By Sarah Mac Donald - 17 March, 2015
The Chair of the Irish Episcopal Council for Emigrants has appealed to the faithful not to get bogged down with facts and figures when discussing emigration but to remember the human face of migration.
In a statement accompanying the Episcopal Council ‘emigrants pack’ which has been issued for St Patrick’s Day, Bishop John Kirby warned that emigration continues to have a dramatic effect on Irish society as thousands of people travel abroad in search of new opportunities, leaving behind loved ones and creating a void in Irish families and parish communities.
“It is our hope that as the Irish economy improves there will be a focus on job creation so that those who were forced to emigrate will have the opportunity to return home,” he said.
Although the number of people leaving Ireland remains high – 81,900 people left our shores between April 2013 and April 2014 – it appears the tide is turning and the number of people emigrating has begun to fall.
In his statement, Bishop Kirby said that the Irish Church and people must continue to reach out to those who are affected by migration.
“As we prepare to celebrate St Patrick’s Day, we remember and pray for all Irish people overseas, those who have left our shores for the first time and those who have been away for many years,” he said.
He urged people to also remember the families that have been left behind and pray that they will find strength and comfort as they cope with the pain of separation.
“We also remember those who have travelled from foreign lands to begin new lives in Ireland. We pray that they will receive the same welcome that we would wish for our own emigrants far from home.”
Referring to Pope Francis’ message for World Day of Migrants and Refugees, Bishop Kirby said the Pontiff reminded us that ‘migrants and refugees are not pawns on the chessboard of humanity. They are children, women and men who leave or who are forced to leave their homes for various reasons, who share a legitimate desire for knowing and having, but above all for being more’.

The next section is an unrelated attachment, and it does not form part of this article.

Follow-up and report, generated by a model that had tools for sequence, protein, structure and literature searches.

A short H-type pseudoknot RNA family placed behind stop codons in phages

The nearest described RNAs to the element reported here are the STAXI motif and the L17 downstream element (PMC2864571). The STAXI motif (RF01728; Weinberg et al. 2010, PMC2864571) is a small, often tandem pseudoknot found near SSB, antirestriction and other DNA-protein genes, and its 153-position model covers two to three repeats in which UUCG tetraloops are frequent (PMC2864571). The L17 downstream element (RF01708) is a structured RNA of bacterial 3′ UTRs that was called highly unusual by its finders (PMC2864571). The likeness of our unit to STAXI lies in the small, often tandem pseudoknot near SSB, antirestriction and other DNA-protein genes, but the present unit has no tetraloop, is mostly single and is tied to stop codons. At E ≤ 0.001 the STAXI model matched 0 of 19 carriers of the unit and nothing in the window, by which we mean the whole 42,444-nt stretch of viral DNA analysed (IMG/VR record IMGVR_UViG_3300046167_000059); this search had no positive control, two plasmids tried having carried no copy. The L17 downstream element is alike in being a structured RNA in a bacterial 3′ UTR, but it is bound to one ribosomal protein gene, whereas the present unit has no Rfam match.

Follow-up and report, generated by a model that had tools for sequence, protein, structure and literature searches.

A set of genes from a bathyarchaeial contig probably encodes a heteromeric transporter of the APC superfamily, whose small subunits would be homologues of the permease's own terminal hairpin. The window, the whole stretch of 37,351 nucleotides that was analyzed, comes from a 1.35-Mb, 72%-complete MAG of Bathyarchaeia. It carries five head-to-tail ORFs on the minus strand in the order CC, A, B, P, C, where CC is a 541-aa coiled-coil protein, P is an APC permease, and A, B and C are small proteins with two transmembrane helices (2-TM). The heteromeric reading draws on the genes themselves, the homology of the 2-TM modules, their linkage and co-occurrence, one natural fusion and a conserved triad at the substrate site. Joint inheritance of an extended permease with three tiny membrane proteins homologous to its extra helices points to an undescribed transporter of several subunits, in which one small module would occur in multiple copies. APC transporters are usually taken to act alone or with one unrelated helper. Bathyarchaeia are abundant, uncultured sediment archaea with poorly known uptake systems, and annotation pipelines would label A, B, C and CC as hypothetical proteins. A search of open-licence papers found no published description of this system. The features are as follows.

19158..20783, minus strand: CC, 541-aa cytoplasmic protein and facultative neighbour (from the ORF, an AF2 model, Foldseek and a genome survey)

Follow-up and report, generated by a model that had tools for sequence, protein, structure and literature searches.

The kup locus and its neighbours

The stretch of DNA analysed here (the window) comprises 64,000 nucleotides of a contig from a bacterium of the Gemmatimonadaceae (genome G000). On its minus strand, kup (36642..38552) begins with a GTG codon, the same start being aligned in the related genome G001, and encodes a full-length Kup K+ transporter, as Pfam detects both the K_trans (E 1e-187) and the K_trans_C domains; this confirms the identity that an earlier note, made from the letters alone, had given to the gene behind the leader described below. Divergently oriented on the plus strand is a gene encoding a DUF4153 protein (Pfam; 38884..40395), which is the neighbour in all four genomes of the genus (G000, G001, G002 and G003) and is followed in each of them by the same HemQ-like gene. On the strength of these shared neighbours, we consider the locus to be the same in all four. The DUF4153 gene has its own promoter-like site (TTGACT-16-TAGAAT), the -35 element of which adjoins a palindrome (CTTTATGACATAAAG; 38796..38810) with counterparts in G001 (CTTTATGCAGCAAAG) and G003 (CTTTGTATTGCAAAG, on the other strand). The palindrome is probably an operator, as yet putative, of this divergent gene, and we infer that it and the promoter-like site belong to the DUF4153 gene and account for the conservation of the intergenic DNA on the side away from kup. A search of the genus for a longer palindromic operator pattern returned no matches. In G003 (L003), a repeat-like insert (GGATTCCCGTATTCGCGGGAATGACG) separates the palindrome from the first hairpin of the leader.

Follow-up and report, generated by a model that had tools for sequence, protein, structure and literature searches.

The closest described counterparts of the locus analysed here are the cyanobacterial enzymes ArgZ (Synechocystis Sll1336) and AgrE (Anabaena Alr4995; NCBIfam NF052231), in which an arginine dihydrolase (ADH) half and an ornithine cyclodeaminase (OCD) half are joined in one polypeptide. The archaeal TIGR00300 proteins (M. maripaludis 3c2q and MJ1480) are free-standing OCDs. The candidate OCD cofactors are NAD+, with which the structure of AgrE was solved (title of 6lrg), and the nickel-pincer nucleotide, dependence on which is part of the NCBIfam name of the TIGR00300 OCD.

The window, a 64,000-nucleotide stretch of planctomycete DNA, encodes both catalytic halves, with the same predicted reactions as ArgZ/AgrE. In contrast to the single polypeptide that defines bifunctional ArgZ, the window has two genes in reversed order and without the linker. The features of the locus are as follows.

“Pope Francis also highlights the importance of creating better economic and social conditions at home so that emigration will not be the only option available to people: ‘The creation of opportunities for employment in the local economies will also avoid the separation of families and ensure that individuals and groups enjoy conditions of stability and serenity’.”
Last year marked the tenth anniversary of the Pontifical instruction Erga Migrantes Caritas Christ (The Love of Christ towards Migrants).
This document highlights the fact that nearly every country is now affected by migration and that faced with the vast movement of people, and the phenomenon of human mobility, ‘faith reminds us how we are all pilgrims on our way towards our true homeland’.
A report released by the Central Statistics Office (CSO) in August 2014 found that Ireland continues to experience net outward migration, albeit at a lower level than the previous year.
Of the 81,900 people who emigrated from Ireland from April 2013 to April 2014, 41,700 were Irish nationals.
There has been a slight increase in the number of people immigrating to Ireland this year at 60,600 (up from 55,900 the previous year). Of these, 19.2 percent are Irish citizens.
Emigration continues to have a profound effect on Irish society as many well-educated, enthusiastic young people travel abroad in search of new opportunities.
The Episcopal Council says that the ‘emigrants pack’ is aimed at those considering emigration to help them prepare for the experience.
“This information pack also aims to make emigrants aware of the importance of taking care of their mental health. For many people, living abroad will be a very positive experience but others may struggle with feelings of isolation and find it difficult to ask for help. Drug and alcohol abuse, depression and suicide are serious issues that affect Irish communities overseas.”
The Irish charity Console reported that its British helpline receives hundreds of calls annually from Irish immigrants who were deemed to be at immediate risk of taking their own lives.
The Council for Emigrants said it hoped that the information provided in the pack will help raise awareness of the supports that are available for Irish emigrants and encourage people to talk about this issue.
In addition to practical assistance, emigrants need spiritual and emotional support.
Through its chaplaincies overseas, the Council for Emigrants provides pastoral outreach to Irish emigrants as they strive to build a new life for themselves far from home.
To download the emigrants pack, please click here.